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Movie review: Mary Kom is less about the sport and more about the sportsperson

While Mary Kom is an important sport biopic about a woman boxer who struggled against the odds, it should have aspired to be more

Ranjita Ganesan  |  Mumbai 

Bollywood actress Priyanka Chopra at a promotional event for Sanjay Leela Bhansali's forthcoming film Mary Kom in New Delhi

India’s latest sport biopic works hard to inspire viewers but unfortunately does so while taking them by the scruff of the neck. More than subtlety, Omung Kumar’s relies on melodrama, a style which Hindi cinema often toys with but rarely gets right. The effort, while ultimately successful in drawing one to the edge of the seat, is not without flaws.

That is a commercial film is often palpable. Mainly, in the exhaustive list of sponsors among the acknowledgements before the screening and later through brand placements that people on Twitter might describe with the hashtag ‘facepalm.’

The biopic, as is clear by now, is about MC (Priyanka Chopra), a five-time world champion and Olympic bronze medallist from India. With the support of her husband Onler Kom (Darshan Kumar), the boxer, who was once considered down and out, made a comeback to win two major medals. The episodic demonstration of Kom’s obstacles, including a father who objects to her boxing, a vengeful sports federation and an ill-timed pregnancy, seems rather breathless. It is a tough ask to pack in details from more than a decade of someone’s life into two hours, but greater discrimination could have been exercised in picking plot points.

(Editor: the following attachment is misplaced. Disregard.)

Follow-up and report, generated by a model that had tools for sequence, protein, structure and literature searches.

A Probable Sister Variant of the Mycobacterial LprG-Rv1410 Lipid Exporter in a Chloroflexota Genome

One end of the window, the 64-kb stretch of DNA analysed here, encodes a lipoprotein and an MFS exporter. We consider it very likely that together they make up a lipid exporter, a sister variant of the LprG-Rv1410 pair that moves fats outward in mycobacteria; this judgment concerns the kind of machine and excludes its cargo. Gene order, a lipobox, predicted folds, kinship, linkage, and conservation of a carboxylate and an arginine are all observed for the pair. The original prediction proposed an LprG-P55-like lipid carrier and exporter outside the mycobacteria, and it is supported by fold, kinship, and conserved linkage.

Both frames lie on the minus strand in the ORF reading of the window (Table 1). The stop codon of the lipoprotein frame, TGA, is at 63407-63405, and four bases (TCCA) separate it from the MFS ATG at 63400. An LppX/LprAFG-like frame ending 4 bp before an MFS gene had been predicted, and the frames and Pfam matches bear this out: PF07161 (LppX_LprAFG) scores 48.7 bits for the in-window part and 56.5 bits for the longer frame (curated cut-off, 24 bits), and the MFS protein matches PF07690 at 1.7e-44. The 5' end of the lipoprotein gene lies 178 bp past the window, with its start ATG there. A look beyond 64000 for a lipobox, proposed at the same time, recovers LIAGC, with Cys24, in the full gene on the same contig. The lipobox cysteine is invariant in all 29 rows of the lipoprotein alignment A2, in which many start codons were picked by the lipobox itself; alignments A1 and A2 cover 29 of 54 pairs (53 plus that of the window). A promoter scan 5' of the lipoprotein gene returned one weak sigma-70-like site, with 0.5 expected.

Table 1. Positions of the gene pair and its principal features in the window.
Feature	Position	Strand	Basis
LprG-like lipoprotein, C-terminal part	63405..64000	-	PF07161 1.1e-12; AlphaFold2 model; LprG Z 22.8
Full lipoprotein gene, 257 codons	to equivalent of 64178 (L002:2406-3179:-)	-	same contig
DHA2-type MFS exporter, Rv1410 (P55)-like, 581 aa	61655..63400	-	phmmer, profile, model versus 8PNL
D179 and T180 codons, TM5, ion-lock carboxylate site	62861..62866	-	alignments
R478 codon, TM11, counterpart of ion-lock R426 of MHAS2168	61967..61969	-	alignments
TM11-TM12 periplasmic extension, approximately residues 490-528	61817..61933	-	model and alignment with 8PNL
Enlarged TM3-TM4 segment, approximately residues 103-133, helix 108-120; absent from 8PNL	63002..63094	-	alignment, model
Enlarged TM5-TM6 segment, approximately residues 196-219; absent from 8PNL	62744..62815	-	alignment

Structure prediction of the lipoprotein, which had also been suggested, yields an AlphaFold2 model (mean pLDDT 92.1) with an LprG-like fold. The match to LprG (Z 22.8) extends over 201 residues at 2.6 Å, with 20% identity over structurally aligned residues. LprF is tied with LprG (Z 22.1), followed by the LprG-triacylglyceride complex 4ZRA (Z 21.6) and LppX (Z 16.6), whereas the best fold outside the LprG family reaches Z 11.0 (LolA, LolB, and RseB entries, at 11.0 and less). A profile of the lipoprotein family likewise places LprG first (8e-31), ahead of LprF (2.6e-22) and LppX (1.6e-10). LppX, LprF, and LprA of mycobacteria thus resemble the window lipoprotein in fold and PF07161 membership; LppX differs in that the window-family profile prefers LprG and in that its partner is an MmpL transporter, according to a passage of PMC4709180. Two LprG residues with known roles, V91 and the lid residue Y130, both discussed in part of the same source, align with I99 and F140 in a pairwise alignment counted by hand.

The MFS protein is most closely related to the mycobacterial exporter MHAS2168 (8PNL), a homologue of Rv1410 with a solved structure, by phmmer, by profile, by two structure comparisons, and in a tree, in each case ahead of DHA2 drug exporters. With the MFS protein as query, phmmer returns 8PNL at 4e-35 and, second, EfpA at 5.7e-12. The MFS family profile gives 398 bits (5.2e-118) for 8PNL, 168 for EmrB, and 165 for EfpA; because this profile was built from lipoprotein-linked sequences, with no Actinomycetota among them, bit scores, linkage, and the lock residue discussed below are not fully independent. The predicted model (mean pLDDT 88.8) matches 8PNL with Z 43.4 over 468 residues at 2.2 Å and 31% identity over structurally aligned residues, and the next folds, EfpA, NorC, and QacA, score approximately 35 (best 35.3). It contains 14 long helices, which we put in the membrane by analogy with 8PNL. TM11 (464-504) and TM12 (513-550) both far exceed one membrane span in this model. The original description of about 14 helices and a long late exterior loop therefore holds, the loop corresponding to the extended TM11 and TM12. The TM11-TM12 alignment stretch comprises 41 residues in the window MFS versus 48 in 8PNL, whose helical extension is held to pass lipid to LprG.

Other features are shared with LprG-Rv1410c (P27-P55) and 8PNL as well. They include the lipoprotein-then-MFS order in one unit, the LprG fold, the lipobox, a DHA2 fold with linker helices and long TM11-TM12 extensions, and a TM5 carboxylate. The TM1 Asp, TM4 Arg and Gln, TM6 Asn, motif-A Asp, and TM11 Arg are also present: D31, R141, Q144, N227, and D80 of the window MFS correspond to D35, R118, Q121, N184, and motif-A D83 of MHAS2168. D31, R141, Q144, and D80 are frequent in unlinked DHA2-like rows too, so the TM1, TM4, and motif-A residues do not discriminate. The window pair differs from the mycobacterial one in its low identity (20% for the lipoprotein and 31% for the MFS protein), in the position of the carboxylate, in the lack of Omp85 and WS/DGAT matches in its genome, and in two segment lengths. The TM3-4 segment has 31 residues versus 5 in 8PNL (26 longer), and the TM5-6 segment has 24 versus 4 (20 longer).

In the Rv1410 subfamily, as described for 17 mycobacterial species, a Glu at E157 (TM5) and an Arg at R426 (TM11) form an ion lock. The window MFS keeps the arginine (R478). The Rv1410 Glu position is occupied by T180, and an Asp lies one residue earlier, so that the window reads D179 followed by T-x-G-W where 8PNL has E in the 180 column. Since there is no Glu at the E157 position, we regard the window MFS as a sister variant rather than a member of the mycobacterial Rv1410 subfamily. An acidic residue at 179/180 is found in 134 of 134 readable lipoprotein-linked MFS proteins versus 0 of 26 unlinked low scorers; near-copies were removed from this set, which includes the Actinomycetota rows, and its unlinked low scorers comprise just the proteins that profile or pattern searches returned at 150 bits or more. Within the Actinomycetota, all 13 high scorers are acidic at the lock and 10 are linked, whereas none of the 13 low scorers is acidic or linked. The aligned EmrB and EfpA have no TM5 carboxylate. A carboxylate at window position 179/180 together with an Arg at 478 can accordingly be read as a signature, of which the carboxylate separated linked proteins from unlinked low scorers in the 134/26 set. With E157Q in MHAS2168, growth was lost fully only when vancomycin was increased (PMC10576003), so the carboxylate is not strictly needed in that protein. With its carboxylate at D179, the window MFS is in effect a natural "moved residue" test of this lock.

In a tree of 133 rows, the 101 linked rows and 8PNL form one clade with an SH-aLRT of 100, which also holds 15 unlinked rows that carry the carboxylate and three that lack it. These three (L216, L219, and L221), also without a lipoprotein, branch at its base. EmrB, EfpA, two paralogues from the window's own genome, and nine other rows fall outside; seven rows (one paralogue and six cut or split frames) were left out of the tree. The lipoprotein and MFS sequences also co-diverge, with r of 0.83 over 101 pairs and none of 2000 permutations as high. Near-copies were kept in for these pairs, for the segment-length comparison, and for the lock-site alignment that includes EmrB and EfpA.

A flashback narrative employed at the start of the film soon gives way to linear storytelling, taking away the misplaced sense that the unrest in Kom’s native Manipur will play a significant role in the plot. Despite having called in international trainers, Kumar’s film does not dwell much on boxing, focusing on the sportsperson rather than the sport itself. The matches are an aside, acting as relief in between events from the boxer’s life. A shaky camera films the bouts, making it difficult to appreciate the action but the ultimate fight, with dramatic punches and collapses that are shot possibly with a strapped-on steadicam, cause an adrenaline rush.

Kom is stubborn, a song close to the film’s opening tells us. She is also short-tempered and quick to pick a fight. There is no hint to what might have caused the angry streak, though, and this makes Kom somewhat unlikeable in the beginning. But it also aids splendidly later in showing the contrast that motherhood brings in Kom. Chopra too does justice to this metamorphosis from tom boy to doting mother. The film does well in depicting her early days, where the environs look credible and the characters voice real concerns.

Debutant Darshan Kumar is sincere in his performance, but the portrayal of Kom and Onler’s romance seems somewhat contrived. Going by the boxer’s autobiography, the two grew fond of each other gradually, a gentle detail the film loses in its boisterousness. The story gathers strength after the birth of Kom’s sons, when she reflects on her roles as a mother and an influential boxer. Chopra’s performance is especially impressive. The actor leaves behind the baggage of glamour and stays believable, even when yelling, glaring and flying at people.

While the trailer had stoked concerns that the lines might be delivered in an exaggerated North-east Indian accent, these are allayed in the film. The dialogue itself, however, does get tedious in spots.

The film is important in that it makes a worthy hero out of a woman boxer who struggled against the odds. But while Mary Kom is entertaining, it should have aspired to be more.

First Published: Sat, September 06 2014. 00:11 IST